The Lebanese authorities granted amnesty to the perpetrators of crimes that occurred during the civil war, but after years of campaigning, in 2018, the families of the disappeared successfully pressured the government to acknowledge the disappearances that took place. The government also passed a law that established the National Commission for the Missing and Forcibly Disappeared with a mandate to investigate individual cases, locate and exhume mass graves and enable a tracing process.
However, Wadad Halawani, whose husband was kidnapped in 1982 and who leads the Committee of the Kidnapped and Missing in Lebanon said: “Today, we raise our voice and shout out loud. The National Commission for the Missing and Forcibly Disappeared is 3 years old already. Only two years remain in its mandate. The Commission established a clear strategy for its work, but it cannot carry on without the needed financial and logistical support. The government must provide it with all the needed resources immediately.”
Since 2011, the Syrian authorities have forcibly disappeared tens of thousands of its actual or perceived opponents, including political activists, protestors, human rights defenders, journalists, lawyers, doctors, and humanitarian aid workers, as part of a widespread and systematic attack against the civilian population that amounts to crimes against humanity. Thousands have also gone missing after being detained by armed opposition groups and the so-called Islamic State. Given the Syrian government’s role in orchestrating the campaign of enforced disappearances, there has been total impunity for these crimes in Syria. The families have therefore resorted to international justice mechanisms.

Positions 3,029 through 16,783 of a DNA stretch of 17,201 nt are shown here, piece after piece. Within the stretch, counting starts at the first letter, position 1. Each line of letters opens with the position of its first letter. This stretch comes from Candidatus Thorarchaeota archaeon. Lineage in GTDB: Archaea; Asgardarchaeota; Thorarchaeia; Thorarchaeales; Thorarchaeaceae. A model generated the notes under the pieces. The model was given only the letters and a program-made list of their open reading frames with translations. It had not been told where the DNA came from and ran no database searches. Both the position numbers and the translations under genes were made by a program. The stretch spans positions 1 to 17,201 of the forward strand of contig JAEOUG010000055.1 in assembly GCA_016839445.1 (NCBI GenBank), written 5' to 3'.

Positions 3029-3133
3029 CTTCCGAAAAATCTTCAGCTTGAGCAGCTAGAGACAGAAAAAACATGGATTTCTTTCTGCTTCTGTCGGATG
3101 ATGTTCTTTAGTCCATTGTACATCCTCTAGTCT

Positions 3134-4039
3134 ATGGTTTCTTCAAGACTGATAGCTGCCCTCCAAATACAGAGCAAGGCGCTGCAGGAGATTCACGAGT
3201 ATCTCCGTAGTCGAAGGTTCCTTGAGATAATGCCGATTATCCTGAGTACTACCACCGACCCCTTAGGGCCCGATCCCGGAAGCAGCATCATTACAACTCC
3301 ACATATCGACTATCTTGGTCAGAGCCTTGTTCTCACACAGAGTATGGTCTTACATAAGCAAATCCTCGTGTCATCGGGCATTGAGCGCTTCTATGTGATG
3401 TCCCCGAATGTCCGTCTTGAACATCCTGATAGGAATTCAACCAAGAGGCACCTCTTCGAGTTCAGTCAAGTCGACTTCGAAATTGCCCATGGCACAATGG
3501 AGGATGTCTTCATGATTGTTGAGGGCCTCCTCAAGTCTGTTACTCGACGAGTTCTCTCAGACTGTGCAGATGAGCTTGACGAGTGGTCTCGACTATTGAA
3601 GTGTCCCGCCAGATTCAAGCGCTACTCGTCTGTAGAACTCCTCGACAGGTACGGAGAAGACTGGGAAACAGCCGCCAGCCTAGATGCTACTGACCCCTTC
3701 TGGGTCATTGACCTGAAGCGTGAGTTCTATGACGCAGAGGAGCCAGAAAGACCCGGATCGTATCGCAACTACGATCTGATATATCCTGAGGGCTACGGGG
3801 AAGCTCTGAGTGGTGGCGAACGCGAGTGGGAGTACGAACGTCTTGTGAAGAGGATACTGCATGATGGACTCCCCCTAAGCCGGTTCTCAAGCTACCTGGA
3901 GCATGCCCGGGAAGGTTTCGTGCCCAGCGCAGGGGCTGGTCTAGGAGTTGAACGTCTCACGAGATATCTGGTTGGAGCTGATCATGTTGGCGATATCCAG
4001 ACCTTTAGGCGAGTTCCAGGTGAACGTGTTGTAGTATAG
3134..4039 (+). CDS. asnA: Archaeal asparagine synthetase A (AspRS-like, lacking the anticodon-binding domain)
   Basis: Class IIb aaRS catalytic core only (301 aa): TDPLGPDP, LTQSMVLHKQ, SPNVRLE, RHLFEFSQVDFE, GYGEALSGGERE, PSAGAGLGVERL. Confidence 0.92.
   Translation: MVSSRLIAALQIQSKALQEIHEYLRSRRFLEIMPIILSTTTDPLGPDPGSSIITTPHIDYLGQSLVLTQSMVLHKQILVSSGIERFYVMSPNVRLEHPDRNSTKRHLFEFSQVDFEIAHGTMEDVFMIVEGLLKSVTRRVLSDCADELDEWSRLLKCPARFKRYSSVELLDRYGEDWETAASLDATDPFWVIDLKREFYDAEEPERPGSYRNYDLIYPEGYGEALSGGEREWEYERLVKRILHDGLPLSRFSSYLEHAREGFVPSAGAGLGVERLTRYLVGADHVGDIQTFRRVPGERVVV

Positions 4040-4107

In a momentous victory for the families, on 29 June 2023, the UN General Assembly voted to establish an international institution dedicated to shedding light on the fate and whereabouts of those missing and disappeared since the start of the armed conflict in Syria.
Fadwa Mahmoud from Families for Freedom, whose husband and son were disappeared in Syria in 2012 said: “We had big dreams in 2011. But we paid a very heavy price. My husband and son have been disappeared since September 2012… We faced our fears and raised our voice until it reached the United Nations …this [institution] is the product of our labour as the families of the detained…and this is its strength. We are demanding that we have an instrumental role in the institution.”
My husband and son have been disappeared since September 2012… We faced our fears and raised our voice until it reached the United Nations …this [institution] is the product of our labour as the families of the detained…and this is its strength.Fadwa Mahmoud from Families for Freedom, whose husband and son were disappeared in Syria in 2012
In Yemen, human rights organizations have documented 1,547 cases of disappeared and missing people since 2015. All parties to the conflict, including the Huthi de facto authorities and the internationally recognized government forces, are still committing these crimes with impunity at a time when the world’s attention has turned away. Since the Human Rights Council voted in 2021 to end the mandate of the Group of Eminent Experts, following heavy lobbying from Saudi Arabia, efforts to hold all those suspected of criminal responsibility accountable in fair trials and realize victims’ rights to reparations have stalled.
The Abductees’ Mothers Association in Yemen said: “We were harassed and threatened and beaten-up during demonstrations, but we will not give up and we are determined at ensuring some progress every step of the way. We are not mothers of our own disappeared family members only; we consider ourselves mothers of every single disappeared person in the region and we will continue our fight for the truth for all of them